While there have been numerous international symposia and conferences regarding the issue of drought, few have dealt with both drought prediction and monitoring simultaneously. To connect the dots between drought prediction, monitoring, and decision making, the Asia-Pacific Economic Cooperation (APEC) Climate Symposium 2013 was held with the theme of regional cooperation on drought prediction science for disaster preparedness and management (www.apcc21.org/eng/acts/pastsym/japcc0202_viw.jsp?symp_yy=2013). The event was organized by the APEC Climate Center and the Indonesian Agency for Meteorology, Climatology, and Geophysics, with financial support from the APEC Secretariat.
What: Approximately 100 participants from academia, government, and the private sector presented research regarding innovative techniques in drought monitoring and seasonal climate prediction along with drought risk reduction and policy making at various administrative scales.
When: 11–13 November 2013
Where: Jakarta, Indonesia
Gusti Muhammad Hatta, the Indonesian minister for research and technology, opened the symposium, noting the importance of the event in strengthening drought preparedness in order to contribute to the APEC mission of sustainable economic growth and prosperity in the Asia-Pacific region. The ambassador of South Korea to the Republic of Indonesia, Young-sun Kim, added his sincere hope that the event could serve as a platform for building a solid regional network for further cooperation on drought prediction and monitoring among APEC member economies.
In his keynote address, Donald Wilhite, professor at the University of Nebraska–Lincoln and founder of the National Drought Mitigation Center, presented a state-of-the-art system for monitoring drought conditions in the United States. He commented that governments have historically managed drought in a reactive fashion rather than taking a proactive risk-based approach. In light of the increasing frequency of extreme climate events and increased societal vulnerability to drought, he stressed the importance of breaking the “hydroillogical” cycle of crisis management and the need to adopt a new paradigm for drought management that emphasizes preparedness and risk reduction. His recommendation to promote the principles of risk management by encouraging the development of reliable seasonal forecasts, early warning and information delivery systems, and preparedness plans at all levels of government was echoed in the subsequent presentations.
The second keynote address, by Andi Eka Sakya of the Indonesia Agency for Meteorology, Climatology, and Geophysics (BMKG), focused on a potential drought monitoring information system for Indonesia. He introduced the geographical and climatological conditions of Indonesia and explained other existing information systems produced by BMKG, such as the Tsunami Early Warning System. Proposed indicators for integration into an Indonesian drought early warning system are soil moisture content, the standardized precipitation index (SPI), and the number of days without rain (dry spells). He also spoke about information dissemination and the Climate Field Schools, which facilitate end users in deciphering technical climate information by translating that information into farming impacts and management recommendations.
DROUGHT PREDICTION AND SCIENCE AT MULTIPLE TIME SCALES.
Discussion during the meeting session on drought prediction across multiple time scales led to several key points being identified. First, there was a realization that drought is a very broad term and could mean different things to different people and user groups. In addition, the time scales under exploration vary vastly from weeks and months to years and decades and the spatial scales range from catchment to regions and continents. There is increasing evidence for long-term changes in rainfall and its associated processes, but it is generally difficult to identify the forcing. Persistent drought that occurred in countries like those of Australia and New Zealand, as well as on neighboring islands, can be in part linked to sea surface temperature (SST) variability associated with the Pacific decadal oscillation. Forcing of rainfall declines can vary significantly by season. At this stage, rainfall prediction is reasonably accurate with a 1-month lag. More refined and higher-spatial-resolution prediction models are being developed. Finally, although the long-term projection of rainfall carries significant uncertainty, we have higher confidence in the projection of temperature. Rising temperature can exert a significant impact on future drought intensity and duration.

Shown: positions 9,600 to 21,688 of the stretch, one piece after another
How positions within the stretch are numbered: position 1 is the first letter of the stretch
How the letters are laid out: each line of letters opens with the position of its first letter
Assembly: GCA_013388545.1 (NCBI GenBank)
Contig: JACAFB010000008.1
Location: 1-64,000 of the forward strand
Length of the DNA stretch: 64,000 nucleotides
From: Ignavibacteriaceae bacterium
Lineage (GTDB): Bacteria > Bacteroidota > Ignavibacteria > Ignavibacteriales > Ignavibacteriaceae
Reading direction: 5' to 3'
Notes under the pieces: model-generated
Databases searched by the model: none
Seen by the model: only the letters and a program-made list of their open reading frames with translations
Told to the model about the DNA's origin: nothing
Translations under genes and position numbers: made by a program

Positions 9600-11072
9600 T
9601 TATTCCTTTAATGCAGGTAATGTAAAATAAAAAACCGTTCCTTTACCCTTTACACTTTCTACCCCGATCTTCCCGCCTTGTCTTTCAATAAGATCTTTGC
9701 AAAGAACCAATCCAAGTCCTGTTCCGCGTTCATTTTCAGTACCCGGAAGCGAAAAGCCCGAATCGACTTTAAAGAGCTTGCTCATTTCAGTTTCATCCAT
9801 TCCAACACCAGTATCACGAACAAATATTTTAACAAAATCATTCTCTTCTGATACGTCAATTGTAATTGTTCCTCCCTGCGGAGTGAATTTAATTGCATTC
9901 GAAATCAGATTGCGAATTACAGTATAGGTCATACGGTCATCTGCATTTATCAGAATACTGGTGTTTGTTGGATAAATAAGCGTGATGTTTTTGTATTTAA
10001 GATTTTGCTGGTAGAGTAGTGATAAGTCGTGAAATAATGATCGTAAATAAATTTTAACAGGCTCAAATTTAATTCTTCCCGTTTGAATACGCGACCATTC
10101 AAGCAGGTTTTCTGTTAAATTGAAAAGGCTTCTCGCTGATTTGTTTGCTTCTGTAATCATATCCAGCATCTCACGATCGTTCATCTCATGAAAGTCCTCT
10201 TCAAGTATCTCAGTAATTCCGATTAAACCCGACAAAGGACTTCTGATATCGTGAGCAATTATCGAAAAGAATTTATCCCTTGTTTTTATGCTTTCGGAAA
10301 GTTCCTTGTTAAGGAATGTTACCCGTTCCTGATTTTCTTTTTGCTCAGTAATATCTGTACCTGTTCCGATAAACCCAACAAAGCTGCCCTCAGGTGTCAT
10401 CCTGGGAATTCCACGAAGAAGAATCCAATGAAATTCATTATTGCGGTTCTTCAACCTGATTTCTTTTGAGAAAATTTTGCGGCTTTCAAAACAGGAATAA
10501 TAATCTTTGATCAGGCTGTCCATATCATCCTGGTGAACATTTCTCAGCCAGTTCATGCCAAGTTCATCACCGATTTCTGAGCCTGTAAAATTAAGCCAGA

DROUGHT MONITORING AND INFORMATION SYSTEMS.
Key points from the meeting session on drought monitoring and the information systems used to track droughts included an acknowledgment of the importance of SPI as a valuable indicator and of maintaining a broad suite of products and indices for wide sector adoption. As well, there is a continuing effort to ensure that information systems meet information needs and provide tools to manage decision makers’ risks, including interfacing with drought response plans. Good information systems allow for greater capability to respond to questions on climate variability and change, including drought. There has been rapid advancement in the remote sensing technologies used to monitor droughts, as well as opportunities for leveraging international programs and projects and, in particular, supplying drought information from data-sparse regions. Citizen science in weather and climate monitoring is growing in importance and its prominence can foster better policy outcomes from deeper community engagement. There is also enhanced value in coupling monitoring and prediction systems (e.g., the increased demand for seasonal forecasts while experiencing drought), and this presents opportunities for scientists and service providers to better inform critical decisions.
UTILIZING DROUGHT INFORMATION FOR POLICY AND DECISION MAKING.